On a night when Heisman Trophy–winning junior Derrick Henry played well but looked mortal at times and Heisman finalist Watson appeared on the cusp of a generational, Vince Young–like performance, Saban stole the show from the sideline. His gutsy decision hog-tied the momentum that had up to that point been ping-ponging back and forth all night. The Crimson Tide wrestled control of the game after his call and sealed their triumph with two late touchdowns. Senior running back Kenyan Drake’s 95-yard kickoff return for a score with about eight minutes left put the game out of reach, and Henry iced the title in the waning minutes with a one-yard touchdown run.
It can’t be overstated what a savvy, unconventional and historic call Saban made by opting for an onside kick in the fourth quarter of a tie game. In college football perhaps more than in any other sport, coaches are mythologized, revered and deified for their success. Saban, after all, already has his ownstatue on the Alabama campus. This was the type of decision that will be discussed on bar stools, tee boxes and rib stands from Montgomery to Hoover for generations. “That call changed the momentum of the game and flipped the scoreboard,” Tide assistant head coach Mario Cristobal said. “In coach we trust. There’s a reason he called it.”
There were other memorable performances—Henry’s 158 rushing yards, Coker’s 335 passing yards and a strong showing from the marauding Bama defensive line. Watson was the best player on the field, and seems sure to enter the 2016 season as the Heisman Trophy favorite and a top NFL draft prospect. But recollections of this game will always come back to Griffith’s kick and Humphrey’s recovery, which may well have been Saban’s karmic special teams payback for the infamous Kick Six in the 2013 Iron Bowl, which cost Alabama a shot at the national title. This victory will be remembered as a special delivery, one that will somehow endear Saban even more to the Crimson Tide faithful.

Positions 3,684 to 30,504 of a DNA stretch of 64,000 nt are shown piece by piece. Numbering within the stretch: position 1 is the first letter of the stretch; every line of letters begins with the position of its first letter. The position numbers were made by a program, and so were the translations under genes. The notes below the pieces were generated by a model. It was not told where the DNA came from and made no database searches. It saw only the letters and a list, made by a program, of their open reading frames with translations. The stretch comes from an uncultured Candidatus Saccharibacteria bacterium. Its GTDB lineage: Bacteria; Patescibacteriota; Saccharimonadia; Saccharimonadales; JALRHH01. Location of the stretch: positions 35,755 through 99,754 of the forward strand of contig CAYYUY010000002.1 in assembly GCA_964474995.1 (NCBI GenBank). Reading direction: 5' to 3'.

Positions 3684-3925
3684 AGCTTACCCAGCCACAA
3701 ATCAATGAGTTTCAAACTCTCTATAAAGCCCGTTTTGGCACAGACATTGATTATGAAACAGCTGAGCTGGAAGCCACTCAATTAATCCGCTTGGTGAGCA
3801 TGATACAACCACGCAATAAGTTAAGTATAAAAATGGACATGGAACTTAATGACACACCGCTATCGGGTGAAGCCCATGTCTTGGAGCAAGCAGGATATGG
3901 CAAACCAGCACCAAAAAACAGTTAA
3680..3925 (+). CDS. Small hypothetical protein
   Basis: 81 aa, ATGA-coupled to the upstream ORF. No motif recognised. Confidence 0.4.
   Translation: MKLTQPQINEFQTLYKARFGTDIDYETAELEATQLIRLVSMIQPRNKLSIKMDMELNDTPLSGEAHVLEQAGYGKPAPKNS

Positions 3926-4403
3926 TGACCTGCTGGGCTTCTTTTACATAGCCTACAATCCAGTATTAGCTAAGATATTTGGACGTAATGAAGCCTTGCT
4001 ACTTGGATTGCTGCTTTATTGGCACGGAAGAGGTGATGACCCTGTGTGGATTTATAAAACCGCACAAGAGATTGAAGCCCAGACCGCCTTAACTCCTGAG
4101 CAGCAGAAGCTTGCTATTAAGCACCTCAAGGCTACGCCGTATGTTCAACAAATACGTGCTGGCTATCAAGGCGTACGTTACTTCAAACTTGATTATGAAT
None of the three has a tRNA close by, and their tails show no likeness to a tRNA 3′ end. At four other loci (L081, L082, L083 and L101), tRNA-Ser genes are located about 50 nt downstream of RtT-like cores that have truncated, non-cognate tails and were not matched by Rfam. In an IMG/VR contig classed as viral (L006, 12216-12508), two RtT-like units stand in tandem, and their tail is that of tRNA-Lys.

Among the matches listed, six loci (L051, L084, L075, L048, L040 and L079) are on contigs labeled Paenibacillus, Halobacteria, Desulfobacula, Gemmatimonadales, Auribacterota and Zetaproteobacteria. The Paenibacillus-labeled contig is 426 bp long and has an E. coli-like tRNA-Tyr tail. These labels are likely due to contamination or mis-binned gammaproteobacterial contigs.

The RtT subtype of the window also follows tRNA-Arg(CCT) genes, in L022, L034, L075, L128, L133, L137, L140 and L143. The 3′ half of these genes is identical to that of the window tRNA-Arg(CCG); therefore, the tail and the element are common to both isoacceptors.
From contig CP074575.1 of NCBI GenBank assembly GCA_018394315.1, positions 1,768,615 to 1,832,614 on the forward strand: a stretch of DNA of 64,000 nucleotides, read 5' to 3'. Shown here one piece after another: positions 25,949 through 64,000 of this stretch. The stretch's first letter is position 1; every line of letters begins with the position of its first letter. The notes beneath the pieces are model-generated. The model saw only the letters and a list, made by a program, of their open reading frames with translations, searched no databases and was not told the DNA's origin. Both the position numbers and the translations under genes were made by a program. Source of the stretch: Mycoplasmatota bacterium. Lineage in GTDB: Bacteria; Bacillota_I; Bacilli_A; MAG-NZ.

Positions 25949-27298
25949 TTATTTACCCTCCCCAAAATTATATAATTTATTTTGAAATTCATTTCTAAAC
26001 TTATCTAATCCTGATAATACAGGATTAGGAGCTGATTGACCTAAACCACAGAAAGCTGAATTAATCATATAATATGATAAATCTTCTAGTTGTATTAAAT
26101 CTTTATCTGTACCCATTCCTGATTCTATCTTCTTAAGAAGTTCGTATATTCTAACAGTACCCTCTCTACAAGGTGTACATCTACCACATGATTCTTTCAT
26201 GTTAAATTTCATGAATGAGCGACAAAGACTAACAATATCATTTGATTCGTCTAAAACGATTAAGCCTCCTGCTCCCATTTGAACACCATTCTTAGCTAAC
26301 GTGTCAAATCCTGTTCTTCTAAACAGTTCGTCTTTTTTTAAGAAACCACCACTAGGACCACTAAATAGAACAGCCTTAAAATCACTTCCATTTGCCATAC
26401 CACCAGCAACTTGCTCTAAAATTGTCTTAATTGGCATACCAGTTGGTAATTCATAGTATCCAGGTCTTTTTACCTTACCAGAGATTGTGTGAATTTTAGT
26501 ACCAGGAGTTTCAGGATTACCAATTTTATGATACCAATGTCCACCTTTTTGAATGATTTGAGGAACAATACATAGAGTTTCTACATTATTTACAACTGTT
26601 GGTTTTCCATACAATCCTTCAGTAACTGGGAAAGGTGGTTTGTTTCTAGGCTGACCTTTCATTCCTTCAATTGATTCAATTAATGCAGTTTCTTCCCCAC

“It was calculated on the fact that I thought we could execute it, and the way they lined up, it was available to us,” Saban said. “And it was something that I knew we would use in the game if we needed to.”
The win raises the question of whether Saban’s dominance in the modern era, complete with a deeper SEC, a conference title game and two College Football Playoff games, is more impressive than Bryant’s was several decades ago. Comparing runs like Alabama’s string of titles under Saban (2009, ’11, ’12 and ’15) to its stretch under Bryant is tricky. Bryant won three in five years from 1961 to ’65, and back-to-back titles in ’78 and ’79. His 14 overall SEC titles—he won one at Kentucky—may never be topped.
“I think it’s hard to compare,” says former SEC commissioner Roy Kramer. “I don’t think there’s any way you can judge [which is more impressive]. The conference is more competitive top-to-bottom than days gone by, which results in a more difficult regular-season schedule. But [Bryant] certainly had a dominant period where Alabama dominated the conference in a manner no other school did.” '
Saban ducked a question about Bryant after the game, telling a story about losing to Nebraska while he was at Michigan State and Cornhuskers coach Tom Osborne telling him, “You’re not as bad as you think.” Saban said that taught him to focus on the next play and the next challenge—not on intangible things like his place among legends. “I’ve never really thought too much about all that,” Saban said.
The debate can rage on about which run is better. However, considering the parity in modern football—a result of NCAA scholarship limits and the influx of money making things so much more competitive—there is a strong argument to be made that Saban is riding one of the best streaks in the history of the sport.
“I don’t think anyone understands what that is, four national championships in seven years,” Crimson Tide defensive coordinator Kirby Smart said after the game. “Four national championships in seven years. It’s a world of parity. Kids come and go. Kids transfer, it’s a different world. For him to do that, it speaks volumes of his coaching ability. Nobody realizes how much mental effort and execution and ideas this guy puts into it. He lives, sleeps and breathes football.”
At the very least, Bryant finally appears have an equal. The years of futility at Alabama are now a distant memory, as Saban’s run over the last seven years will be one that the next generation—in Tuscaloosa and beyond—will attempt to emulate.